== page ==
A friend who with a long-time, intimate knowledge of this site nevertheless asked me “WHY would you want to watch THAT?” upon hearing that this was next in my DVD player. And well, this turned out to be an extremely pertinent question.
This was Sandra Bullock’s big starring role after Speed, and when it was out I was pretty high on Sandra and rushed off to see it in the theater. What followed was the first of many experiences of being very disappointed [betrayed, used] by a Sandra Bullock movie. I think I’m not to the only victim in this actresses’ stinker-filled path.
First we have vaguely ominous political undertones as we see this politician upset about some news—and soon hear that he is dead, and was revealed to have HIV. He was apparently a big homophobe in his legislation, so this is a shocker. I think you’re already seeing how timely and relevant this motion picture is. Then we join Sandra as Angela Bennett [that’s name, get used to hearing it], some computer security expert who just happens to be thin, gorgeous, have a hot trim body and salon-perfect hair. The realism draws you in. She’s been given some virus to study by some client, and she finds it and deletes in four seconds, cleaning the software in two more seconds. She really is a wizard! The client asks her to dinner [all men want Angela!], but she demurs, orders a pizza online, and spends the evening alone with some Annie Lennox. She IM’s with some computer whiz friends [you see, there’s a whole COMMUNITY!], who proclaim her to be “one of us.” The movie attempts to make the IM’ing process of more interest to us moviegoers by having the computer vocalize the IM’s, and Angela recite her entries aloud. Nevertheless, I think the point we’re supposed to understand is that Angela is hot and sexy, but would rather interact with less threatening virtual friends. Our “character” now established, we can toss it all out and have the rest of the movie have nothing to do with it.
Oh but a tiny bit more character stuff: Angela has a mom with Alzheimer’s, and we witness Angela’s pain as her mother doesn’t remember who she is. The Pain! Okay, can we move on?
Then some other client sends Angela a disc with a strange virus that has a little glyph that you click and opens another website and all of a sudden you’re looking at sensitive state department stuff. Angela also orders airplane tickets online—in about two seconds. This is part of the movie’s desperate ploy to goose the audience with identity theft terror, that “our whole lives are online!” The serious problem this faces is that, circa 1995, very few people did much of anything online, and identity theft was still an occasional Newsweek article, but not an issue with much public traction. Let us also mention this film’s ludicrously amateur-looking websites. I was on the Internet in ’95, and I don’t think any major airline’s website looked like Bob and Sue’s Xena Fan Page. Anyway, the client who sent her the disc is killed! Sandra’s at the airport when a computer glitch knocks out the departures, sending the air system into chaos! Then it’s fixed, and she goes to Mexico.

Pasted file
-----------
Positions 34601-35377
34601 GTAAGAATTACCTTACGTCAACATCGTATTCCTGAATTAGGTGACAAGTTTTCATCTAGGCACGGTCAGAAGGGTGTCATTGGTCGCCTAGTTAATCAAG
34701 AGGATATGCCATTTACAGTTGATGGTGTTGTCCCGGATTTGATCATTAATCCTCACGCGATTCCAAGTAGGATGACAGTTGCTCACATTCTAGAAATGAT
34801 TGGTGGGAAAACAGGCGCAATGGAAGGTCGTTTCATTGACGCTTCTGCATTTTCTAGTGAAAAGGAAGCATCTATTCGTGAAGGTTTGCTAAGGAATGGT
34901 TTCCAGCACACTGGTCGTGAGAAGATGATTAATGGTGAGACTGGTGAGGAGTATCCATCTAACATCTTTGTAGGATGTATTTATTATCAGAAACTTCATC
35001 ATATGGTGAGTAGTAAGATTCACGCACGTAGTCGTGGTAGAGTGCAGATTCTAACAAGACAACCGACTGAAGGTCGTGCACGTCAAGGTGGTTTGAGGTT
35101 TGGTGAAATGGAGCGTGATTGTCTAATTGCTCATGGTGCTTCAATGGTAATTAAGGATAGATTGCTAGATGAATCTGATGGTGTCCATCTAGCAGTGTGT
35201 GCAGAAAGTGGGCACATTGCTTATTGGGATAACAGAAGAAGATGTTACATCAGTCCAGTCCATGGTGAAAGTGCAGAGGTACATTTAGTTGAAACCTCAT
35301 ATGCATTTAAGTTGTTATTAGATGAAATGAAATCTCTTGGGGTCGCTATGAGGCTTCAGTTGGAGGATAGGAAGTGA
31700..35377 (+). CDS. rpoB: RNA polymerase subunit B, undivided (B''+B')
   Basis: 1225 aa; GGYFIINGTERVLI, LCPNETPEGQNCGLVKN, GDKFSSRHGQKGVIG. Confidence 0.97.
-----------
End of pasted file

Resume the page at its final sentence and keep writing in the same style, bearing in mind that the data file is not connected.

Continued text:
This is Angela’s first vacation in six years—she is hot but asocial, etc.—and she pops into a bikini and takes to the beach with her laptop. She has also, for some reason, brought along the disc with the virus. On vacation to Mexico. There she meets studly hunk Jack Devlin, portrayed by Jeremy Northam. He thought he was the only one more interested in computers than being on a beach. Angela totally knows! She is in the perfect setting yet can only think “Where can I hook up my modem?” Why, they’re meant for each other!
So Angela and Jack share drinks and laughs, and we have shots that tell us “she’s really falling for him!” They walk on the beach. Angela’s purse gets stolen! Jack runs after the thief! But it turns out—ready yourself, please—Jack PAID the Mexican to steal it! And rather than pay the guy the $50 it would have taken, Jack shoots him! Jack is a BAD MAN. Though of course you knew that, because his last name is “Devlin,” which sounds, you know, kind of “Devil”-ish. It ain’t Shakespeare, folks.
But poor, innocent Angela does not know this. She goes out on Jack’s humongous yacht thing. They have to go further and further out in order to use the radio—then never use it once they get there, they decide to make sensuous love. Angela is SLEEPING WITH THE ENEMY. So he goes down to do something, and Angela noticed the big-ass gun with the big-ass silencer on it in his jacket pocket. Why, was he planning on doing some fishing? He confides that no, he’s actually planning on blowing her useless head off, but she burns him with the one and only cigarette we ever see her smoke in the movie [she smokes as SELF-DEFENSE!] and gets away into the inflatable raft. She pilots away—straight into one of those rogue mid-ocean rocks that are the sailor’s constant menace. Why can’t the coast guard clamp down on these wandering mineral menaces?